We concentrate most of our effort on the farm and spend many hours there hidden away making things, but some big changes for us recently have been our weekly forays into London to attend markets there. We have been going to Blackheath market each Sunday since last May and are now attending two weekly Saturday markets – at Pimlico and at Wimbledon. Our first ones were on Saturday 2nd February. It’s early days there yet but they are very good and we have enjoyed going to those.
We have a new colleague joining our team, Douglas de Sousa, who has a background as a chef and also making cheese. Douglas is originally from Brazil and we will be adding to our existing range of cheeses. This will include more variations to the cheeses and also a new range of Brazilian cheeses, including some for those summer barbeques … watch out for further information – more on this very soon!
We will be going there in our recently aquired, larger van, “Heffy”. “Heffy” is the larger sister to our small van, “Mooberry”. The names come from the winners of the “Name the calf” competition from 2 years ago, although “Heffy” is short for “Heffalump” (and she is a bit of a lump).
All of this weekend activity has meant that some of us are not always around our farm dairy shop as much as we would like. However, we get to see our customers regularly and are always delighted to see you and continually grateful for your support. It is always lovely to hear that the products are appreciated and we get a lot of positive comments, but it is also important that we hear about any problems or any suggestions as to other things that we can do. Many of you will have noticed the problems that we have had with the electrics in the shop – mainly caused by a power surge that happened one evening in March after the power lines in the road became entangled with moving tree branches. All the Farm electrics that were switched on at the time went out and we have been slowly getting back to normal ever since. We thank you for your patience while we have been fetching and carrying milk around while the shop has been affected. We have been getting the vending machines back to normal, but are still experiencing glitches.
The cows went out on to the grass when the weather warmed nicely at the end of beginning of April. There’s plenty of good grass for them to munch at the moment they are eating it quickly and we could do with some rain soon.
This is will be the second Christmas for the dairy as we have been open for over 18 months now. It’s been a good year for us – we really appreciate your support and hope that you have enjoyed our products over that time.
We are finishing off our preparations for Christmas now. All the batches of hard cheese were made some time ago are now maturing in our cheese store. We have two new hard cheeses for Christmas – Bradfields’ Blackwater is a Gouda style cheese and Bradfields’ Chelmer is our first batch of Caerphilly style cheese. Neither of these have been on sale before. Do ask us if you would like to try a sample.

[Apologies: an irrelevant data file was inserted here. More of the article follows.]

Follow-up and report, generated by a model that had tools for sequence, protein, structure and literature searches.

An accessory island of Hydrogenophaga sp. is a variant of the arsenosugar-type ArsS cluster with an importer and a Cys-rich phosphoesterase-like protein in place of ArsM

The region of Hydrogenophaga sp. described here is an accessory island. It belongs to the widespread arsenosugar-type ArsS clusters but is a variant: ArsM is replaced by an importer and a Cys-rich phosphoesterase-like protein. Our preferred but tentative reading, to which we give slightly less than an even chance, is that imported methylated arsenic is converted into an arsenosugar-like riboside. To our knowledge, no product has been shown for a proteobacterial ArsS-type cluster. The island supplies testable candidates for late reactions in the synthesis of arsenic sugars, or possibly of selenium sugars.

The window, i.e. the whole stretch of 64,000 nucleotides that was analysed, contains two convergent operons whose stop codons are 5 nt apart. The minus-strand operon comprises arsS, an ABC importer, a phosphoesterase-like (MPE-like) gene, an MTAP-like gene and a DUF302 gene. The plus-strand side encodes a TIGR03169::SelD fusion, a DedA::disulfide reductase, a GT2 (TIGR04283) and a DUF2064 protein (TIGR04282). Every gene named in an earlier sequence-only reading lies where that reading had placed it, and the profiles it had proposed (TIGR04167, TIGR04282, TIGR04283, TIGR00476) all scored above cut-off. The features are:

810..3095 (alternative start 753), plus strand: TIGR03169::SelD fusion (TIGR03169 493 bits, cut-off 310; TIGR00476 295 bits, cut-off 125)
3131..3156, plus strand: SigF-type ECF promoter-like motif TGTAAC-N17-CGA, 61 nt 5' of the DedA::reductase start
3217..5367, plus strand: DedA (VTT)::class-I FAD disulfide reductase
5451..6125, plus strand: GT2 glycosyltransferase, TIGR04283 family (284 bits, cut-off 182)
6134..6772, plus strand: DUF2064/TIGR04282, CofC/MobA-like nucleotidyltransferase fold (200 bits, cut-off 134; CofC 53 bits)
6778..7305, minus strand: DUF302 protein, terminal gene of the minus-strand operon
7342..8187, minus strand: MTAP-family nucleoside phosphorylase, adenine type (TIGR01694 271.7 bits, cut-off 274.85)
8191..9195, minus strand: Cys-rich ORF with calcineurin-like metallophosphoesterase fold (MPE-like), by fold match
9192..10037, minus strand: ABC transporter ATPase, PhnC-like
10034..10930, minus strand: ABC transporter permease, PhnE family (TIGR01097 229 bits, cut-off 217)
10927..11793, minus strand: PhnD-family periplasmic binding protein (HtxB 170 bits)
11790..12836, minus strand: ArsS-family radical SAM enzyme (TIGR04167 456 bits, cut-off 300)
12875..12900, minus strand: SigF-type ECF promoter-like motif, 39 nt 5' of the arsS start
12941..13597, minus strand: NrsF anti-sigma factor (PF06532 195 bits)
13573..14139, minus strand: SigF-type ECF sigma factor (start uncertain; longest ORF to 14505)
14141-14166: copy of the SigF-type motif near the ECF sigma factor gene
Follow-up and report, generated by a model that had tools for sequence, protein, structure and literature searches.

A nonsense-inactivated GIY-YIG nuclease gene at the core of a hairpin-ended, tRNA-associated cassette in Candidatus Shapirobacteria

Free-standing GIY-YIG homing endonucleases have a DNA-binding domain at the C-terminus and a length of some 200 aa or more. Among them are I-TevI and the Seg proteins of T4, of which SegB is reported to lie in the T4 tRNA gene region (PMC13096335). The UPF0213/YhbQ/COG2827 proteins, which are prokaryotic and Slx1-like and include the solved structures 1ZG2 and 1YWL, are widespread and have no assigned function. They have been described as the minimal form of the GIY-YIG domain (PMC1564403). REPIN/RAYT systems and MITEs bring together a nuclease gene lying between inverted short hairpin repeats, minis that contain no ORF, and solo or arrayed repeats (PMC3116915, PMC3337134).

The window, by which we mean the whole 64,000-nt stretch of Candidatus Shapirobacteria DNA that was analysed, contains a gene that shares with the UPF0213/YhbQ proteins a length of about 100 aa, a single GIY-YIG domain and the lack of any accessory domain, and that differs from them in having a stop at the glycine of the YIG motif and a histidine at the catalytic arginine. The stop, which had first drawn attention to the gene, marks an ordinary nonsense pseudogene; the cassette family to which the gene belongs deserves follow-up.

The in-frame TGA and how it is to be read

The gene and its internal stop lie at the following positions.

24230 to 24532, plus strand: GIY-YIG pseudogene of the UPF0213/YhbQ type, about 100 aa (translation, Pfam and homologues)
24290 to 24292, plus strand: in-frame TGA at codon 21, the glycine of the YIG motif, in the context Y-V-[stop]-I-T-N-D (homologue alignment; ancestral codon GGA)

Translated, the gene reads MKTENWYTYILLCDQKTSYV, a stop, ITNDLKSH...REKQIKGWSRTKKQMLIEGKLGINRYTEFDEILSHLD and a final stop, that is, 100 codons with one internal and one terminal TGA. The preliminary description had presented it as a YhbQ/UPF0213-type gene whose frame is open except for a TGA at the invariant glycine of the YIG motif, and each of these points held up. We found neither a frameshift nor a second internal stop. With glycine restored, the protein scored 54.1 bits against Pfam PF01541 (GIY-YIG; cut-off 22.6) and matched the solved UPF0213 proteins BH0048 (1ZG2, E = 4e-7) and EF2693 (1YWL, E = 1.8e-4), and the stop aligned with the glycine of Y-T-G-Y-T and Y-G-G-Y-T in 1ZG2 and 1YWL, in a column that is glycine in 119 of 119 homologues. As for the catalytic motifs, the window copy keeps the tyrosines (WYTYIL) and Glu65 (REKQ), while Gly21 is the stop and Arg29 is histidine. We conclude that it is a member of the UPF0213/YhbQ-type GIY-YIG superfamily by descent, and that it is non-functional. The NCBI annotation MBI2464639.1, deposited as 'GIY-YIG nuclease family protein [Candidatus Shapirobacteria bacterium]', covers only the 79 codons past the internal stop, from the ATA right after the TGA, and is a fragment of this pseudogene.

Christmas is a very busy time with all of the products being made but also, on the farm side, the cows need to be milked twice a day every day of the year. They can’t be turned off, so there is no time off on Christmas day. Just all hands on deck to try and finish a little early so we can have family Christmas dinner in the evening once milking is done and the cows are tucked up for the night.
The 17th December is the last day on which you can order cheese if you want any for Christmas. We can take orders for cream up until the 20th. Both Extra Thick and Double Cream are available in a range of sizes, including larger pots. There will only be a small number of cream pots made unordered so if you do want some we strongly recommend that you order some. There is a limited amount that we can produce and we are likely to run out!
As we did last year, we have prepared some Christmas Gifts and have put some examples on our Christmas Order Form. Another new product is Bradfields’ own Membrillo Quince Jam. David’s Kitchen, who makes our chutneys, has made this for us from quinces grown on the Farm.
You can place an order by printing off the Order Form and returning it to us, or by emailing the details of what you would like (and when you would like to collect it) to firstname.lastname@example.org. Orders can be collected from the Farm between 10.00 am and 4.00 pm on 22nd, 23rd and 24th December. We will deliver locally on these dates (within 5 miles or so of the Farm) for a small charge of £3 for delivery. Do write this on your order form, or email, if you want your order to be delivered.
We will also have a few little bottles of ‘Santa Milk’. These special little milks are just right for Santa to have to wash down his mice pie. They aren’t on the Order Form as the elves brought them too late for us to put them on.
The shop will be open over the festive period so if you do run out of milk you can pop in. We won’t be pasteurising fresh milk on Christmas Eve or New Years Day, but there will still be plenty of shelf life left on the milk available.
We will get the shop a little more in the Christmas spirit with some lights. They would be up now, but we found that the ones that we have weren’t working. We will have them up soon.